Opinion: Harjit Sajjan had the wrong priorities in Afghanistan – The Globe and Mail

6 minutes, 45 seconds Read

This post was originally published on 3rd party site mentioned on the title ofthis site

image
Open this photo in gallery:

Harjit Sajjan, Canada’s Minister of Emergency Preparedness, speaks during the Centennial Gala hosted by the Sikh Foundation of Canada at the Royal Ontario Museum in Toronto, on May 4.Cole Burston/Reuters

Kevin Newman is a retired news anchor and investigative reporter for CTV News, ABC, CBC, and Global National.

The Sikhs in Afghanistan were proud of their resilience. Adhering to a strict code of conduct and a distinct identity within the Sikh community, their role had historically been that of protectors of the Sikh faith and community in a country that didn’t always welcome them.

A 200,000-strong presence in Afghanistan in the 1980s, by August 2021, the last remaining 300 followers had reason to be fearful, with the Taliban rapidly regaining territory and only days away from claiming the capital, Kabul, where their only place of worship or gurdwara, remained. Yet they were reportedly refusing offers of asylum.

The widely read and respected Economic Times of India reported during that chaotic time that the president of The Indian Forum, Puneet Singh Chandhok, was frustrated by the Afghan Sikhs because “India is facilitating these people at the highest level, yet they have missed flights twice in order to travel to the U.S. or Canada.” The article said they believed there were fewer job opportunities in India, so they were holding out for Canada.

I had a unique understanding at that time of how rare offers of asylum were. Having retired from a career in journalism, I was volunteering with a group of desperate veterans and refugee advocates in Canada, trying to locate and move Afghans who had served as interpreters for the Canadian Armed Forces during the long war against the Taliban. Under public pressure and about to launch its re-election campaign, the Trudeau government created an immigration pathway for the translators and eventually others, but the Afghans had to navigate an onerous and deeply bureaucratic process along with dangerous escape routes on their own to be eligible to come to Canada. Our ad hoc group of volunteers helped raise money in Canada to establish safe houses in Kabul, feed the desperate masses, help with their immigration paperwork, and pay locals to smuggle the most threatened families to Pakistan. I was in charge of keeping their plight in the Canadian media, which had no reporters in Afghanistan at the time. Creating a network of local Afghans with iPhones and WhatsApp, I would forward what they were experiencing and filming to former colleagues at all of the Canadian television networks and national newspapers to decide what to report.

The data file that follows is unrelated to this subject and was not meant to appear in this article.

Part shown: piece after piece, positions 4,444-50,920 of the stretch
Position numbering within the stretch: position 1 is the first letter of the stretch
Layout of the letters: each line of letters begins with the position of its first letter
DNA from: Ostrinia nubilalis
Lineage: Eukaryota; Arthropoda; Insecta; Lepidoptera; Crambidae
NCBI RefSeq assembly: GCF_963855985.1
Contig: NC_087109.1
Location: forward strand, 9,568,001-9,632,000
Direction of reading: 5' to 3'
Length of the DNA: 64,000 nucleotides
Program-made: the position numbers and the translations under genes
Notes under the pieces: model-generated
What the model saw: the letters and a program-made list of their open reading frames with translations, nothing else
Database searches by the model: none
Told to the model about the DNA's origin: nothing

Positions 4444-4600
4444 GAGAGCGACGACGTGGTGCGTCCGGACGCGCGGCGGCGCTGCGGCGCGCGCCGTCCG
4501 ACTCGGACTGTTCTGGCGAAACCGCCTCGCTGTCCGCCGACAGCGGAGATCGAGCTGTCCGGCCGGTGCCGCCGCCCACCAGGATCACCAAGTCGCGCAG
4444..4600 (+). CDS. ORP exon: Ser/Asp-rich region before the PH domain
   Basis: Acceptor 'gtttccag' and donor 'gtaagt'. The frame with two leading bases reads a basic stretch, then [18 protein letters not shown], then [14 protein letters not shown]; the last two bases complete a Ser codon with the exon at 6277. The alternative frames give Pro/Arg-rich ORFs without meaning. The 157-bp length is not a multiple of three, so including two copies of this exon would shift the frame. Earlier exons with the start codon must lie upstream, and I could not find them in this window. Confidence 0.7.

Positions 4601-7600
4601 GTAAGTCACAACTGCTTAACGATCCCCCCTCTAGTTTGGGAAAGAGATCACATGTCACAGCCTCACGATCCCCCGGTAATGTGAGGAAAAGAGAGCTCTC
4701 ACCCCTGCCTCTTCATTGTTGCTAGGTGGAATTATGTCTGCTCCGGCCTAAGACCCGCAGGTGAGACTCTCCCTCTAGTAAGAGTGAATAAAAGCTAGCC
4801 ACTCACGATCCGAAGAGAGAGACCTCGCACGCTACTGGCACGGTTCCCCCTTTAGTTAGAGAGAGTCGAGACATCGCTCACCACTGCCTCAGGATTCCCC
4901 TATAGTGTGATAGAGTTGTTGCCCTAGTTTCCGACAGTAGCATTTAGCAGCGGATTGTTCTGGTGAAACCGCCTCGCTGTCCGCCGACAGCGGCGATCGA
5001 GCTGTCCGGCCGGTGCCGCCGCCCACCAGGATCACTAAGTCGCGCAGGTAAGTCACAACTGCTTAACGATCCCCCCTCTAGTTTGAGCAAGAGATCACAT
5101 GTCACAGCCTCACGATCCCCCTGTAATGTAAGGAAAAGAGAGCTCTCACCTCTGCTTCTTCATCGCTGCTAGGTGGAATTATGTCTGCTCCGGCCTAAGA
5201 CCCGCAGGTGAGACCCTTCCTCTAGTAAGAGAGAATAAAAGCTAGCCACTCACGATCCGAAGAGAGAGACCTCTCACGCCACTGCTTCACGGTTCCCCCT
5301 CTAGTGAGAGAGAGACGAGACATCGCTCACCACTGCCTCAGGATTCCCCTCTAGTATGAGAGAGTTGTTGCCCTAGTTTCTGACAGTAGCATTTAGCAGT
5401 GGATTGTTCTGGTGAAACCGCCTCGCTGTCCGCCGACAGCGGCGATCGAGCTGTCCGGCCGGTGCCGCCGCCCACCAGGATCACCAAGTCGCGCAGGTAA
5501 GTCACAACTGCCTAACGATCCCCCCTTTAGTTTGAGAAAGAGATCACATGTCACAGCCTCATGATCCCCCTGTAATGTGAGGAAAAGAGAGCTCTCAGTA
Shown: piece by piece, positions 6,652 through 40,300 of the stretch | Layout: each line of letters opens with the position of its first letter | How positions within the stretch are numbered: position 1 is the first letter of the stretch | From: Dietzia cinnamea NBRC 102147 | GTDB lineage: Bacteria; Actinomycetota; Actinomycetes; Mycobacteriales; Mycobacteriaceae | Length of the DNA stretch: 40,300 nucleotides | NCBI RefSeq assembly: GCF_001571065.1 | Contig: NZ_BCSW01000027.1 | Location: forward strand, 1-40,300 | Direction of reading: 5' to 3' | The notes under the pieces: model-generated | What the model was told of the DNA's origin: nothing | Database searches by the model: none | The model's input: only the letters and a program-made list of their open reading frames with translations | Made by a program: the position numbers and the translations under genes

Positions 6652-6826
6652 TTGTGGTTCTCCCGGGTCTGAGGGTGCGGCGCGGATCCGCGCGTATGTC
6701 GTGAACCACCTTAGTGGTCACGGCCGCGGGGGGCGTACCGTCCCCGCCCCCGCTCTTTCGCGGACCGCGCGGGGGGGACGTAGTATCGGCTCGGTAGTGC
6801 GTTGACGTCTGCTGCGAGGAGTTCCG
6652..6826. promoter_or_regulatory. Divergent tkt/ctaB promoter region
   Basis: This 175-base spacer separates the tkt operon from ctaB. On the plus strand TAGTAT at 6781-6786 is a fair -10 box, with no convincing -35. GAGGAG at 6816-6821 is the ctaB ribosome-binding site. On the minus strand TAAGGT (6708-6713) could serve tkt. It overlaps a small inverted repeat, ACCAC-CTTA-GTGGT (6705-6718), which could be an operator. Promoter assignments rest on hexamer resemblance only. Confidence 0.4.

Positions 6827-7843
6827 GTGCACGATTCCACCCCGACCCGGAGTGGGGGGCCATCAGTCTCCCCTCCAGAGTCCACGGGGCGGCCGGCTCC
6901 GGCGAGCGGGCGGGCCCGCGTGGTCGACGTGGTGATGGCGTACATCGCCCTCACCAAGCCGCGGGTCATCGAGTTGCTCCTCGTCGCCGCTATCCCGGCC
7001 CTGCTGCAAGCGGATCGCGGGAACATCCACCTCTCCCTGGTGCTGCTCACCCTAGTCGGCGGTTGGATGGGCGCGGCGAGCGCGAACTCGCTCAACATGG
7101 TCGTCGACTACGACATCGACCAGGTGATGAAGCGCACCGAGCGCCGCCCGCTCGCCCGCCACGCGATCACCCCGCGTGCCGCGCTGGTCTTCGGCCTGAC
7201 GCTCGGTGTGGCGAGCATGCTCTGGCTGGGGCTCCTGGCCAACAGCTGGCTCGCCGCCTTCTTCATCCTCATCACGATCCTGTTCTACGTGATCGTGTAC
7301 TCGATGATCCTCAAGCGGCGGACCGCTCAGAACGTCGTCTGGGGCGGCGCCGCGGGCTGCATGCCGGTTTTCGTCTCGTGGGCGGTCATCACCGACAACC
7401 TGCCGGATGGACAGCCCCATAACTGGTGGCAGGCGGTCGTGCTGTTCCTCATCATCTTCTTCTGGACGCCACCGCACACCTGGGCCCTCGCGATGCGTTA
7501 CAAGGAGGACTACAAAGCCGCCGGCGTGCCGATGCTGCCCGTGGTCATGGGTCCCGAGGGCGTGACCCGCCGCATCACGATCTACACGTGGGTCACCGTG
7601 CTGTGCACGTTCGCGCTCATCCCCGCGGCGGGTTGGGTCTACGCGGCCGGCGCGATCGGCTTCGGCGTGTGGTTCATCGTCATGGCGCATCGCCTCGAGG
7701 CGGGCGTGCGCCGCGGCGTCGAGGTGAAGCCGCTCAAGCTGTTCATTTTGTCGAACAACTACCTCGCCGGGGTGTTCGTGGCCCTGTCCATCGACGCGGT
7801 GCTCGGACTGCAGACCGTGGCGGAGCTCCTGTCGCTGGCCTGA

We had heard from various sources that the Canadian military mission to assist in the evacuation of Canadians and interpreters had already lost precious time when the giant and ageing Hercules and C-17 Globemaster aircraft they were using had mechanical problems. Once on the ground at Karzai International Airport, little improved. Canada, uniquely among its allies, had abandoned its embassy in Kabul, so there were no vehicles arranged, no negotiations under way for access to the airport, and no local support for the soldiers. They had a lot to establish and little time. But to our frustration, repeated attempts to connect with the Canadian military operations in Kabul to offer logistic support and share the status of our approved Afghan asylum-seekers were rebuffed. We were provided a liaison officer in Ottawa who would take our information, but offered little in return.

Now we know more. According to new reporting by The Globe and Mail, once the special forces operators had finally figured out ways of moving through Kabul and negotiated passage onto the airfield, there were only a precious few days to locate and rescue Canadians and Afghans who had worked for their benefit. And within hours, according to The Globe, part of the mission changed to attempt to rescue Afghanistan’s Sikhs.